flickr photo by n.bhupinder shared under a Creative Commons (BY) license

flickr photo by n.bhupinder shared under a Creative Commons (BY) license

So how did Taleb do it? How did he make what he so eloquently likes to call “F*** you money” on account of what it allows you to say to people you no longer have to work for?

Well, when many people were continuing to pour their money into sub-prime mortgages, Taleb was betting that the market would collapse.

So how could he predict what other people could not? What pattern allowed him to tell the future? What special formula, magic spell or access to a time-travelling Delorean did he have?

None of the above.

What Taleb knew was that systems that are blind to their own weaknesses will eventually break down. Though I’m grossly oversimplifying, what he basically did was to bet a small amount on a regular basis that a black swan event (a big market crash) will happen eventually. He did the same thing in 1986 and 2000. Every time there was a big financial downturn the statistical models used by most other traders would tell them that what had gone up in the past would carry on growing in the future (a basic induction error).


The trick is not to predict the future, it is to do your best to insure yourself against it.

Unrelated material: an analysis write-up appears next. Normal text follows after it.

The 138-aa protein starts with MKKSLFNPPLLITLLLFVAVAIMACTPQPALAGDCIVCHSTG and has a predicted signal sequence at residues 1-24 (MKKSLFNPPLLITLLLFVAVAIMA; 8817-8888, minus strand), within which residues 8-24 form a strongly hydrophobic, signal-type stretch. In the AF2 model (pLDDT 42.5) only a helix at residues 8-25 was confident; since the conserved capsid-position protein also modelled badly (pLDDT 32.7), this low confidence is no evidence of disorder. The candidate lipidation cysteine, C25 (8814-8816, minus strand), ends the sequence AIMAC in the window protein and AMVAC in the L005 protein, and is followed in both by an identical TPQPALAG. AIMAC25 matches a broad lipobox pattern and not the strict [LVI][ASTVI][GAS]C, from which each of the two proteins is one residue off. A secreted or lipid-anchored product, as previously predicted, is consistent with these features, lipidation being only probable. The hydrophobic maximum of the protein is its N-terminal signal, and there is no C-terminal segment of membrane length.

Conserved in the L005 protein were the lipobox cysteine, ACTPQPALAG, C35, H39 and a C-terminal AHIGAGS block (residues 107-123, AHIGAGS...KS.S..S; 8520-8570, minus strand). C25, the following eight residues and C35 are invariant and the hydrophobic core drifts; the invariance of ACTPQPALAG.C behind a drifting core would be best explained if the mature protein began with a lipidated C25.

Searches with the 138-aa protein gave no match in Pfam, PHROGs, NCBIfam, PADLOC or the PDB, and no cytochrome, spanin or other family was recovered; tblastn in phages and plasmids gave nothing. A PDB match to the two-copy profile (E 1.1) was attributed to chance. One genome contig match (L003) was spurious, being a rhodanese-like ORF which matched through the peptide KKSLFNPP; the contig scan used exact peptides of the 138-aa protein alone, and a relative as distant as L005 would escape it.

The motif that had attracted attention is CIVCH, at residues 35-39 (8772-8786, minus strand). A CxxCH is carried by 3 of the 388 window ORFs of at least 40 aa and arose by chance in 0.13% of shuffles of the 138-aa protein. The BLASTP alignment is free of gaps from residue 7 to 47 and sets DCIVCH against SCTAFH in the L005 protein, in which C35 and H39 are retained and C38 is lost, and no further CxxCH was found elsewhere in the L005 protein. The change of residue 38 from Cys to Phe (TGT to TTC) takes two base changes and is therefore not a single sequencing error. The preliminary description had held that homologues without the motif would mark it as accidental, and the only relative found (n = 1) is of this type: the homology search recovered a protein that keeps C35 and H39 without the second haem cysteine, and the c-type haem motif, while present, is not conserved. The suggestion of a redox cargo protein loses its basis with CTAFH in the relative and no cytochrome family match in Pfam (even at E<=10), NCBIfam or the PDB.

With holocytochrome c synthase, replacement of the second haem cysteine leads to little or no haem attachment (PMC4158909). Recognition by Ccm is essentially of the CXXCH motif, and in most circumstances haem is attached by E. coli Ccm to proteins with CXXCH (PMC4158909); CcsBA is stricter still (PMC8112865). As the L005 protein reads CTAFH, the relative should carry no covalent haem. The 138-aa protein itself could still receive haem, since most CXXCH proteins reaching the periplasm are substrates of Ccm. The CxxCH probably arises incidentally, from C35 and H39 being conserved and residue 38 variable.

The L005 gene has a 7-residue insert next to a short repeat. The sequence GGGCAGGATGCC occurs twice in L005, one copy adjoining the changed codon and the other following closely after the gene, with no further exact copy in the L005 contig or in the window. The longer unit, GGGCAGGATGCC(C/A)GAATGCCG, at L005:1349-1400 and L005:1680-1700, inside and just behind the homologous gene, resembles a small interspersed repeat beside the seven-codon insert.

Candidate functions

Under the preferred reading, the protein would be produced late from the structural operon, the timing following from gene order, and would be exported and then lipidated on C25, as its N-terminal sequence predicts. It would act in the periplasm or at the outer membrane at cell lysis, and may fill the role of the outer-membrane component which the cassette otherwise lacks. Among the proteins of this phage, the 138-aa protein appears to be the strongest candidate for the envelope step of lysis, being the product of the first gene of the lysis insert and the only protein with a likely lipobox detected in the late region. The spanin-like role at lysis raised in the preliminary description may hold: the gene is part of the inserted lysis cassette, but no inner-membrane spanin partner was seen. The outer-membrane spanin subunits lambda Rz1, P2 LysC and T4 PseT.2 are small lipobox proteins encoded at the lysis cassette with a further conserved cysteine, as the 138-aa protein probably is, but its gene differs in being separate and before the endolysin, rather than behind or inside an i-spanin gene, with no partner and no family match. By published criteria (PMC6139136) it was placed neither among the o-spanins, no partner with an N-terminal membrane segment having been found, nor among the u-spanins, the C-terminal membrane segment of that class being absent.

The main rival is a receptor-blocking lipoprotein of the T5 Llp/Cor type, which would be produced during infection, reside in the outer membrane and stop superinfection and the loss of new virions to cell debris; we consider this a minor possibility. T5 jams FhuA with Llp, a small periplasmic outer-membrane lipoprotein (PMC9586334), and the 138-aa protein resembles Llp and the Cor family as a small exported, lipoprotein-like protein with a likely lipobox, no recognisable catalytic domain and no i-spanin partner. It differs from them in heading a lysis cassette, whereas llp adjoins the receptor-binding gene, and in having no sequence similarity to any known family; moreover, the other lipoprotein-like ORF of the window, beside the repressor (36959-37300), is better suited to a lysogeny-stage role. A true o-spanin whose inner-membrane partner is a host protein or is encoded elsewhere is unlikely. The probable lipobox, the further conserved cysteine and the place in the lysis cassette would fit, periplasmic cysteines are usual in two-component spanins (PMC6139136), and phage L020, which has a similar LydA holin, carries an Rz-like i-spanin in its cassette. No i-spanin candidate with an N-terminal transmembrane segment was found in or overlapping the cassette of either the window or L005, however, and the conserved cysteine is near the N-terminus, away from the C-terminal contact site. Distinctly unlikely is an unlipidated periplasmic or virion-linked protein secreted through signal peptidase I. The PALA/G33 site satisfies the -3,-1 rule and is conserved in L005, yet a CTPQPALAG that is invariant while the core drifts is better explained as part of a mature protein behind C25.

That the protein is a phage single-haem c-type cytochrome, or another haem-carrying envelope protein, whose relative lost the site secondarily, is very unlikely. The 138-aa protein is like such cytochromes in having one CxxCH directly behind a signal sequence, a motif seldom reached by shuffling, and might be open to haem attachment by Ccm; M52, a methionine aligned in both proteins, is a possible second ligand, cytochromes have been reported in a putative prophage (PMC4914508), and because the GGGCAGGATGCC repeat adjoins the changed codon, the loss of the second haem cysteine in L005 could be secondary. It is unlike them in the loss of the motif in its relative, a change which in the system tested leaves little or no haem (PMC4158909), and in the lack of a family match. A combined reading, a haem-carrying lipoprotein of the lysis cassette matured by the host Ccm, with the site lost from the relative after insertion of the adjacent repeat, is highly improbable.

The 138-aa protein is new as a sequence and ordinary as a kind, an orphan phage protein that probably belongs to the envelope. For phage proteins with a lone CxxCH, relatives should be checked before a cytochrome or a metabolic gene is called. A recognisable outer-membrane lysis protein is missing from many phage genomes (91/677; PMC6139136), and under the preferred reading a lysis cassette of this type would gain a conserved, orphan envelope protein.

Human beings are emotionally and instinctively wired, first and foremost, for survival. While we may be hopeless at predicting the future, we are generally very good at playing safe; at hedging our bets. And these protective instincts allow us to be wrong, day after day, year after year, without making life-ending decisions!

But black swan theory is not just a cautionary tale about overexposure in stock markets, it is a strategy for life. Instead of trying to control what happens, we need to experiment; to speculate. We just need to make sure that our experimenting is done with a safety net.


Dealing with uncertainty is all about managing risk. To do the complex mathematics, data work and explanation justice you’d have to read his books, but the summary is that in real life Taleb advises that nature tends to be unfair and unequal. That means that in volatile environments you usually know what is more likely to happen but when something unexpected occurs it tends to be disproportionately extreme.

A good example of the opposite by the way is the lottery; it seems like a potentially huge reward for a small risk yet in reality the environment is completely artificial and predictable so you’re just as likely to lose your pound every time you play.

flickr photo by ClawzCTR shared under a Creative Commons (BY-ND) license

flickr photo by ClawzCTR shared under a Creative Commons (BY-ND) license

In a given season, a top football team like Chelsea will probably win most of their matches. But when they lose a game, they’ll often lose another swiftly after. If you set off late by 5 minutes in a busy city, the chances are you’ll be late by more than 5 minutes. It’s the mathematical equivalent of sod’s law: as the classic saying goes, you wait for ages and then three buses come along at once.

The worst possible risk-taking involves betting on something (let’s say backing out of your drive on to a busy road when you can’t see properly) with an unpredictable potentially huge downside (you might die) and a small but predictable upside (you get to work two minutes earlier).